Saturday, October 17, 2009

Spud Harvest

74 pounds of potatoes. That was our one-day harvest on Wednesday. I had hoped to wait for our first frost to harvest the potatoes that remained in the ground. A frost would have given us just a bit more confidence that the blight wouldn't settle on the tubers after harvest and then rot them in storage. But the weather has not been cooperative. We've been hit with downright wintry temperatures which all but halt garden growth, but which will also just not drop below freezing. We're waiting on the first frost to put in the garlic as well.

So. The potato harvest. It took us about three hours to bring in those 74 pounds. Admittedly we weren't working like demons. By the end I have to tell you that the bucket method was looking better and better. We speared a few of my beloved Sangre potatoes with the pitchfork while harvesting, and found some that had been pretty well gnawed by rodents underground, voles perhaps. Neither of these things happen with potatoes grown in buckets. Also, my lower back was really feeling the strain.

Our total potato harvest for the year came to just over 100 pounds of Sangres, La Rattes, German Butterballs, and Kennebecs - four heirloom varieties. We planted about 11 pounds of seed potatoes, so our overall yield is a quite successful 9 to 1 return. Pretty amazing considering the late blight we got hit with. Yesterday I made a harvest soup with the potatoes damaged by the pitchfork, plus our own leeks, carrots, kale, herbs, garlic, and chicken broth. The only ingredients we didn't produce right here on 2/3 acre were a little olive oil, kosher salt, and white pepper. More satisfying than I can express.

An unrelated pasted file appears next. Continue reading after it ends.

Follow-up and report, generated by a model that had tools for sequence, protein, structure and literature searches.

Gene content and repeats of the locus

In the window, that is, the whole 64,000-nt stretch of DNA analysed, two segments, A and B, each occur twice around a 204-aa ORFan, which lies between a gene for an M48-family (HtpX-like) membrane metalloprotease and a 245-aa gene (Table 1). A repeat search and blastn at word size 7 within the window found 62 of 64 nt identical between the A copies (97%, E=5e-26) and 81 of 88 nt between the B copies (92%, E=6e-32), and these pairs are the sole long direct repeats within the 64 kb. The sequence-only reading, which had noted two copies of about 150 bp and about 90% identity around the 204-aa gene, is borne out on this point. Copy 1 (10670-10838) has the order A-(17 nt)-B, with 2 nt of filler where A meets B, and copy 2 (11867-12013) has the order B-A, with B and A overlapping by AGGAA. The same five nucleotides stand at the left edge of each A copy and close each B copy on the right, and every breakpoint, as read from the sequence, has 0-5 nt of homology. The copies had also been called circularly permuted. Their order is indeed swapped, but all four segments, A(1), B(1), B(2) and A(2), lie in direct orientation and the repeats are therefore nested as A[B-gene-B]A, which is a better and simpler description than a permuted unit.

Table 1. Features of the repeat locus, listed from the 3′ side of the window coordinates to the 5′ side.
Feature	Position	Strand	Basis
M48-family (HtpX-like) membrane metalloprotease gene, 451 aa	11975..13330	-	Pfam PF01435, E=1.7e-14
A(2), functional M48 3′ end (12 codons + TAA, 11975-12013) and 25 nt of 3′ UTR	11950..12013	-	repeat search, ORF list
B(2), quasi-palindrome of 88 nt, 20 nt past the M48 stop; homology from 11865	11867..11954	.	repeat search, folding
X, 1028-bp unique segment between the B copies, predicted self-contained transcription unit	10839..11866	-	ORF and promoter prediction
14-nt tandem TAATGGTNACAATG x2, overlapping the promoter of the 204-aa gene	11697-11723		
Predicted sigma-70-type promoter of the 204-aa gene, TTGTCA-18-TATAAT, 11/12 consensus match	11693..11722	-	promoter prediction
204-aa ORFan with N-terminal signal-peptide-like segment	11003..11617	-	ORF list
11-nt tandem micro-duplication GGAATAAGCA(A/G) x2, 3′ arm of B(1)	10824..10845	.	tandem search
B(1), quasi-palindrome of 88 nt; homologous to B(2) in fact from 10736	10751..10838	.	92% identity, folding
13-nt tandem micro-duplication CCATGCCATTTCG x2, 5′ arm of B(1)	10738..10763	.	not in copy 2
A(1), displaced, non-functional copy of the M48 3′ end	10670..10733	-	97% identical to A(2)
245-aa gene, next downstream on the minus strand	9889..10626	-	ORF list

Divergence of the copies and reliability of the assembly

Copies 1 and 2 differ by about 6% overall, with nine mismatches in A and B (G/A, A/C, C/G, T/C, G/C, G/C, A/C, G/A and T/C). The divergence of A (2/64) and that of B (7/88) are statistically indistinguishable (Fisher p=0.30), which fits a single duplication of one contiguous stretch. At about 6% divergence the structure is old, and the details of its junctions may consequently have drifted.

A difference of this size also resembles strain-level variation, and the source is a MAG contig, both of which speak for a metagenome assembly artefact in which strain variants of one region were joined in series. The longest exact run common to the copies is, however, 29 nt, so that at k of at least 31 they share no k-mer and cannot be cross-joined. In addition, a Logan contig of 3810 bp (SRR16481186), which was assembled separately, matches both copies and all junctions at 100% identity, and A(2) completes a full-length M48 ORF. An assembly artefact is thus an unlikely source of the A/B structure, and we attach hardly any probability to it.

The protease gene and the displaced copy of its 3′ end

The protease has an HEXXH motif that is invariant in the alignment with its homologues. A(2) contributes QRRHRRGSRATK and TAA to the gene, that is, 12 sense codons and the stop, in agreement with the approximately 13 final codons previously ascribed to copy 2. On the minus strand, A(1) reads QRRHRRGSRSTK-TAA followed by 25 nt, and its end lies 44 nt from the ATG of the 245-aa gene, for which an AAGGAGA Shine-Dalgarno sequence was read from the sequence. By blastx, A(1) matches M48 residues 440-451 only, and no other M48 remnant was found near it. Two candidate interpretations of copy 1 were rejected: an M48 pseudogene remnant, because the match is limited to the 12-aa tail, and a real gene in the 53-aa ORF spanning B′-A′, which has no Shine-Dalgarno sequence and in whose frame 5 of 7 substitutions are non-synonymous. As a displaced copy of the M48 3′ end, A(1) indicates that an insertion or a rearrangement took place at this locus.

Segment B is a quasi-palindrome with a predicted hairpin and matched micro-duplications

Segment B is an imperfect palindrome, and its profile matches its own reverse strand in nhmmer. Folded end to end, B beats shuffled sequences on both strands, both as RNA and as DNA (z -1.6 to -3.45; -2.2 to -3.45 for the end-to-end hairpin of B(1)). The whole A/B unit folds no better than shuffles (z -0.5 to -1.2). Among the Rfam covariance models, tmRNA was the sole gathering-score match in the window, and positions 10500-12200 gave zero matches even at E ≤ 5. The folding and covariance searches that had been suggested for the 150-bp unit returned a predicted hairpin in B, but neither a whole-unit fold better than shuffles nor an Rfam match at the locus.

The Sangres seemed noticeably larger this year than I remember them being last year. I love these for their incredibly silky, creamy texture. The La Rattes are a fingerling variety which are a real pain to harvest out of the ground because they set so many teeny tiny baby potatoes. But the La Rattes we roasted last year had the most intense potato flavor I've ever tasted in my life. These may well be the best candidate for bucket growing next year. Kennebecs are large baking potatoes that I like to have on hand when I want the potato to be the main course for dinner. A baked potato with some cheese and kale on top works for us as dinner. The German Butterballs were our new trial this year and they have become an instant favorite of my husband. They have a beautiful golden color and are sized very nicely for boiling and mashing. Their flavor explains the second part of their name.

I've no idea what last year's potato harvest weighed, so I have nothing to compare this to. But I suspect we will not buy any potatoes this year. We'll simply eat these until they're gone and then go without until next year's crop is ready. I've offered to supply the potatoes for our family Thanksgiving feast to feed 17 people. So that will take a significant chunk away from our stores. I'll be paying attention to when we run out of spuds. If we run out well before they show signs of sprouting, I'll plan for a larger harvest next year.

How did your spud crop do this year?

Related posts:
Brrrf! Baking Weather and Rustic Potato Loaves
Potato Buckets: Experimental Yields
Potato Blight
Harvest Meal: Colcannon
Sour Milk Potato Biscuit-Muffins
Harvest Meal: Pyttipanna


NMPatricia said...

Wow. You provide such inspiration. I am starting out much smaller. I showed your "bucket" systme to my husband and even his usual doubting nature thought it would be a good idea!

How will you store all of these potatoes?

Walker said...

Our self-watering containers worked great ... from one small seed potato in each (probably 3-4 oz.) we got 3#, 12 oz. in one and 4# 6 oz. in the other (both Butte variety, a russet).